Class Action Defense Cases–People United For Children, Inc. v. The City of New York: Second Circuit Affirms Approval Of Class Action Settlement But Remands For Clarification Of Scope Of Class Action Release
Class Action Settlement Properly Approved by District Court but Ambiguity in Scope of Release Required Remand for Clarification Second Circuit Holds
Plaintiffs filed a class action in New York federal court against the City of New York and various other defendants that “challenged policies adopted by the New York City Administration for Children's Services (‘ACS’) relating to the removal of children from their homes in cases of abuse and neglect.” People United For Children, Inc. v. The City of New York, ___ F.3d ___, 2009 WL 4576113, *1 (2d Cir. December 8, 2009). According to the allegations underlying the class action complaint, defendants’ conduct constituted “violations of due process, equal protection, and parental, privacy, cultural, and religious rights,” and constituted discrimination “under the New York State and United States Constitutions.” Id. The class action complaint prayed for declaratory and injunctive relief, and for monetary damages. Id., at *2. Ultimately, the district court granted plaintiffs’ motion to certify the litigation as a class action. Id. Following two years of negotiations, the parties agreed upon a proposed class action settlement that won the preliminary approval of the district court. Id., at *3. At the fairness hearing, the district court gave final approval to the class action settlement over the objection of one of the named plaintiffs (Jones) and the objections of a member of the putative class. Id., at *1, *3. In part, the district court concluded that Jones had effectively “opted out” of the class, removed her as a class representative, and concluded that it need not consider her objections to the proposed settlement. Id., at *1. The objectors appealed the order approving the class action settlement, id. The Second Circuit agreed that the district court should not have concluded Jones had “opted out” of the class, but it found the error to be harmless and therefore affirmed.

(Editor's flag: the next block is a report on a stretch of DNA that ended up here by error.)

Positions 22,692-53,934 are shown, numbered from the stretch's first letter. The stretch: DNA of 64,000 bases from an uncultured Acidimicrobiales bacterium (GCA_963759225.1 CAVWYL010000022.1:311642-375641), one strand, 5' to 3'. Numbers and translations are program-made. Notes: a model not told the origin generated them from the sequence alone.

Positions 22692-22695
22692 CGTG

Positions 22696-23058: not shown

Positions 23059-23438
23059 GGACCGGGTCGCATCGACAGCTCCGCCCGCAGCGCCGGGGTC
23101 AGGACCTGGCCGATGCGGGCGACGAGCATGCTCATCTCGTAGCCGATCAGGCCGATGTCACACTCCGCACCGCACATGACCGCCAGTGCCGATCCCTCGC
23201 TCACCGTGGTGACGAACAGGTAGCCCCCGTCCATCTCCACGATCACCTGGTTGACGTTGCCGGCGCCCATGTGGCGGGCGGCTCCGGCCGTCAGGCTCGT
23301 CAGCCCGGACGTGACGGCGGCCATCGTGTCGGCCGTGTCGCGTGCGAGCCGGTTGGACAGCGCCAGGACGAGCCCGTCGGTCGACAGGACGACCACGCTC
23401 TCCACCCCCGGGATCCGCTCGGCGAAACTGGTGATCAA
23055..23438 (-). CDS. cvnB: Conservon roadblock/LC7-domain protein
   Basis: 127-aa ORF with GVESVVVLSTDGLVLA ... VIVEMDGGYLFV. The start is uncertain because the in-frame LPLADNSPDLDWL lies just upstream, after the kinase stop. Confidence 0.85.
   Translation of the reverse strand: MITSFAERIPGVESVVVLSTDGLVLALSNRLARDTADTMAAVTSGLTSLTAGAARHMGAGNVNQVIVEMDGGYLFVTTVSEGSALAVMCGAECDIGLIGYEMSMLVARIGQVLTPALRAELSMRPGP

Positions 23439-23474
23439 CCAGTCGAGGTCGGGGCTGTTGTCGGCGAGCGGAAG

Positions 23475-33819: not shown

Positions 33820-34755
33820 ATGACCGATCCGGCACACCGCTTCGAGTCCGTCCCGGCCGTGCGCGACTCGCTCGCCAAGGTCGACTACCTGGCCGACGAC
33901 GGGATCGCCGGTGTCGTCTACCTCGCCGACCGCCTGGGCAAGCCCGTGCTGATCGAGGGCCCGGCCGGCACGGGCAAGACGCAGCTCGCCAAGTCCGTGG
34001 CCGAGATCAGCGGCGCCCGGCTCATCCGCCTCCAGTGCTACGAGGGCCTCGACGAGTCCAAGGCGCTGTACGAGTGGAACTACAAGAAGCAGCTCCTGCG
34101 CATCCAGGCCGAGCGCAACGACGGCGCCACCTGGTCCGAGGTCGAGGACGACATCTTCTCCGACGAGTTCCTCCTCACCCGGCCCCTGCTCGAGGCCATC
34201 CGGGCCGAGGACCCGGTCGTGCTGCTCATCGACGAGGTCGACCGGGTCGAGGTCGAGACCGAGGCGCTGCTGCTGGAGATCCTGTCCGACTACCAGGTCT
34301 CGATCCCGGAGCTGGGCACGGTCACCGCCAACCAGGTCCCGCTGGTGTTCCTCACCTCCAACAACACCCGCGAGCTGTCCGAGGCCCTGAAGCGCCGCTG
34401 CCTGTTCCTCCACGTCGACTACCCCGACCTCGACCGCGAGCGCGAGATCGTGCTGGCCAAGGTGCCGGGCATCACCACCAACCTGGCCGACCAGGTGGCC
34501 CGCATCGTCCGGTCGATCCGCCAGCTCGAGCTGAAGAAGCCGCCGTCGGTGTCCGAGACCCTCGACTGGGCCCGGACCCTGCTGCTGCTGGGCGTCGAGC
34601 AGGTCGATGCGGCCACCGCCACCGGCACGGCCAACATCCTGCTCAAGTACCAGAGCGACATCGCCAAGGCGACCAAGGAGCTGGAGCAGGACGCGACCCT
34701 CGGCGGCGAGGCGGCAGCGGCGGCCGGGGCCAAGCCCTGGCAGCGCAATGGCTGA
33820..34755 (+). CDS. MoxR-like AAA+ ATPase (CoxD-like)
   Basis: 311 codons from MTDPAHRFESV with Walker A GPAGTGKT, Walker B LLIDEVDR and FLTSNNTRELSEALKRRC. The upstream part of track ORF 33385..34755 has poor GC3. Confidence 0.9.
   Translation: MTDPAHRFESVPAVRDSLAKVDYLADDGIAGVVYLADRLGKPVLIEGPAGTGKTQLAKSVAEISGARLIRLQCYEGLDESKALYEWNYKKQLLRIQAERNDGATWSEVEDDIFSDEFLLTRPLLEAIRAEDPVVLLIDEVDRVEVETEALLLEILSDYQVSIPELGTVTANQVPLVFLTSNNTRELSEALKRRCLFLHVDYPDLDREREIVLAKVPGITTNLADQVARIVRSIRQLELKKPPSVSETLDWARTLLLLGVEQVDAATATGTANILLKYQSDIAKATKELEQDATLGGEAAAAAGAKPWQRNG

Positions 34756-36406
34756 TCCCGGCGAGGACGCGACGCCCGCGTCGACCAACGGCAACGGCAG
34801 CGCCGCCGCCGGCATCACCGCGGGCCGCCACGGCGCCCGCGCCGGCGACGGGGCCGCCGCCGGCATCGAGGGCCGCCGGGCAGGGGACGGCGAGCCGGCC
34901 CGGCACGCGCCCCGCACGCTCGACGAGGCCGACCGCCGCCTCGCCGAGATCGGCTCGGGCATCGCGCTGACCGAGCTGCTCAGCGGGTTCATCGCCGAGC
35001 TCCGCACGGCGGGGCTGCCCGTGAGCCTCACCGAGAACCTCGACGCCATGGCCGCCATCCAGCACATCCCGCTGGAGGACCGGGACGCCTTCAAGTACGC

We do not here summarize the notice provided to the class or the objections leveled against the class action settlement. See McReynolds, at *4-*6. The central issues on appeal were (1) whether Jones had “opted out” of the class and (2) whether the district court should have ignored her objections to the proposed settlement. Id., at *6. With respect to the first issue, the Second Circuit held that the district court erred because Jones had simply objected to the proposed settlement, and stated as much at the fairness hearing. Id., at *7. The Circuit Court explained at page *7, “Despite Jones' clear indication that she did not intend to opt out of the class action and her invocation of her right to object under the ‘rules,’ the District Court nevertheless found that Jones had opted out of the class because she ‘can't have it both ways.’ In so finding, the District Court erred in two ways: first, the finding that Jones elected to opt out of the class action was a clearly erroneous finding of fact; and, second, the court's conclusion that Jones opted out of the class by reason of her objection to the class settlement was an error of law.” The error was harmless, however, because Jones’ objections had been raised by other members of the putative class and so had been considered (and rejected) by the district court. See id., at *8-*9.
Nonetheless, the Second Circuit found that remand was appropriate in order for the district court “because there is need for clarification in the Settlement Agreement as to whether individual claims for damages may still be pursued following approval of the Settlement Agreement.” McReynolds, at *9. Specifically, the Circuit Court held that “[t]he broad terms of the release provision are…inconsistent with the parties' stated and undisputed intent to release only the class members' claims for injunctive relief against the defendants.” Id., at *10. Accordingly, the Second Circuit ordered the district court on remand “to clarify the language of the release provision in order to reflect their stated understanding that plaintiffs are allowed to pursue subsequent actions for damages.” Id. It therefore affirmed the approval of the class action settlement and remanded the matter for the purpose just described, id., at *11.Download PDF file of People United For Children, Inc. v. The City of New York